However, these attacks depleted the strength of the 17th Army. And the reinforcements were minimal. The command of the 17th Army requested an evacuation. The German Fuhrer was against it. On April 24, Hitler said that the loss of Sevastopol could lead to a sharp change in Turkey's position - Ankara could go over to the enemy camp. Also, this event will have a strong impact on the Balkan states. Hitler noted that to wage war, Germany needed Romanian oil and chrome from Turkey, and all this would be lost when Sevastopol was surrendered. Hitler also noted that Sevastopol could be safely left only after repelling the waiting Allied landing in France. On April 25, Vice-Admiral Brinkman, commander of the German Navy on the Black Sea, and the head of the Crimean naval region, Rear Admiral Schultz, told the Fuehrer that the fleet could deliver 6-7 thousand tons of cargo to the city daily, which roughly corresponded to the garrison's needs of 10 thousand. human. Hitler confirmed the decision to hold the Sevastopol Fortress. In addition, the German high command proceeded from the fact that when Sevastopol was surrendered and evacuated, only small units would be withdrawn, having abandoned heavy weapons, and the Russians, having taken the city, would free 25 divisions, which could soon be thrown into battle on another sector of the front. Therefore, the garrison in Sevastopol was supposed to further shackle the Russian grouping.

Only the wounded, civilian and Romanian troops were allowed to be taken out of Sevastopol. At the same time, the Germans practiced the forcible removal of civilians - women and children, who were loaded onto the decks (troops and weapons - into the holds) in order to avoid attacks by Soviet aircraft. After this order from Hitler, the transfer of reinforcements to Sevastopol by sea and by air was accelerated. However, the decline in manpower and equipment was greater than the number of reinforcements. In addition, the Romanian units, which had previously constituted the army's reserve, were taken out.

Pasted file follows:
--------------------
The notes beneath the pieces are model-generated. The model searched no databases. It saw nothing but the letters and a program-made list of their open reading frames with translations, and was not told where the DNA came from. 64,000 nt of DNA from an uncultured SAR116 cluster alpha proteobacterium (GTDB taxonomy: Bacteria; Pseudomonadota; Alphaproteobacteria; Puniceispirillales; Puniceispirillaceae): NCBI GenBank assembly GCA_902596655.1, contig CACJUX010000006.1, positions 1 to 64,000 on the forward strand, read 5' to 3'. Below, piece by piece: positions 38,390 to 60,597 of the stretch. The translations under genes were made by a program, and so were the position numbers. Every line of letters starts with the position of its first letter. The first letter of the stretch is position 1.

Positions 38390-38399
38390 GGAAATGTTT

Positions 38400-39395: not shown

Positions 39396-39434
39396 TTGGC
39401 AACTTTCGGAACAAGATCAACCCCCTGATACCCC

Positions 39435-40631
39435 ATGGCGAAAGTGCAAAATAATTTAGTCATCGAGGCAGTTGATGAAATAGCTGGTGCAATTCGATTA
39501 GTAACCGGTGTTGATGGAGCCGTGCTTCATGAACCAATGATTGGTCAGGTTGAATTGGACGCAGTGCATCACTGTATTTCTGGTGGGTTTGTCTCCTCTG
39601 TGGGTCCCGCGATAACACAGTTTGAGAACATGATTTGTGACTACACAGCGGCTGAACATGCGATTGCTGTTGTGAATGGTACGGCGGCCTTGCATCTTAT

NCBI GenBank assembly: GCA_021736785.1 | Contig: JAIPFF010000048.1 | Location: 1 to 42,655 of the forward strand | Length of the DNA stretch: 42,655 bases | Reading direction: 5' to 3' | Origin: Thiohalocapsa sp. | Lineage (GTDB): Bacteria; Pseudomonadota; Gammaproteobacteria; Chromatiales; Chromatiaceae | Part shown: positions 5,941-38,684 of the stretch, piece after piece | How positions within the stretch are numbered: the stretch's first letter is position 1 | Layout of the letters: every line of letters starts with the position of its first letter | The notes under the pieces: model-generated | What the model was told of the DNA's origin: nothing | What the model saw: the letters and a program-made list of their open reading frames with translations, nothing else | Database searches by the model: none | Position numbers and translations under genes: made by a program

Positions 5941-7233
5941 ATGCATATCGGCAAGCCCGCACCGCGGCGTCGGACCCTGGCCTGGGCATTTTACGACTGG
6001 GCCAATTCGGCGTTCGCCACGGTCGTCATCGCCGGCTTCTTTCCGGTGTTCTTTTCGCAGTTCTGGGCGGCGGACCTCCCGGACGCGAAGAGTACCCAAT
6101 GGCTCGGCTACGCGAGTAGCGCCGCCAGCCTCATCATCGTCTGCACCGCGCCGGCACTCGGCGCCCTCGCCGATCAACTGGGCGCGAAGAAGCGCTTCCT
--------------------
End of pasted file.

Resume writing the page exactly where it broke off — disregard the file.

The command of the 17th Army asked to send two divisions so that the defense could continue. On April 27, Eneke, through the headquarters of Army Group South Ukraine, conveyed a message to Hitler, where he demanded that at least one division be sent and “freedom of action” (that is, the ability to start evacuations if necessary). On May 1, 1944, General Eneke, who expressed doubts about the need for further defense, was replaced by General K. Almendinger (former commander of the 5th corps) and sent to the command reserve.The new commander on May 3 confirmed the order to "defend every inch" of the Sevastopol Fortress."

In the period from April 26 to May 4, 1944, Soviet troops were preparing for a decisive assault on Sevastopol. At first, a new assault was scheduled for April 30, but then postponed to May 5. A regrouping of troops was carried out. On April 28, the 13th Guards Rifle Corps (2nd Guards Army), the 10th Rifle Corps (51st Army) and the 3rd Mountain Rifle Corps (Primorskaya Army) were transferred to the front line. The supply of ammunition and fuel to the troops was adjusted, since the main front-line and army warehouses were still located outside Perekop and in the Kerch region. Reconnaissance was carried out, defense, enemy fire system was studied. The artillery of the front was being pulled to the city. The troops carried out private operations to improve their position, to capture individual enemy positions and reconnaissance in force. Also, individual attacks weakened and weakened the defense of the Germans, led to losses in manpower and weapons. Soviet aviation struck enemy troops, primarily bombing airfields.

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Destroyed Soviet tank T-34-76 stuck in German positions near Sevastopol. End of April 1944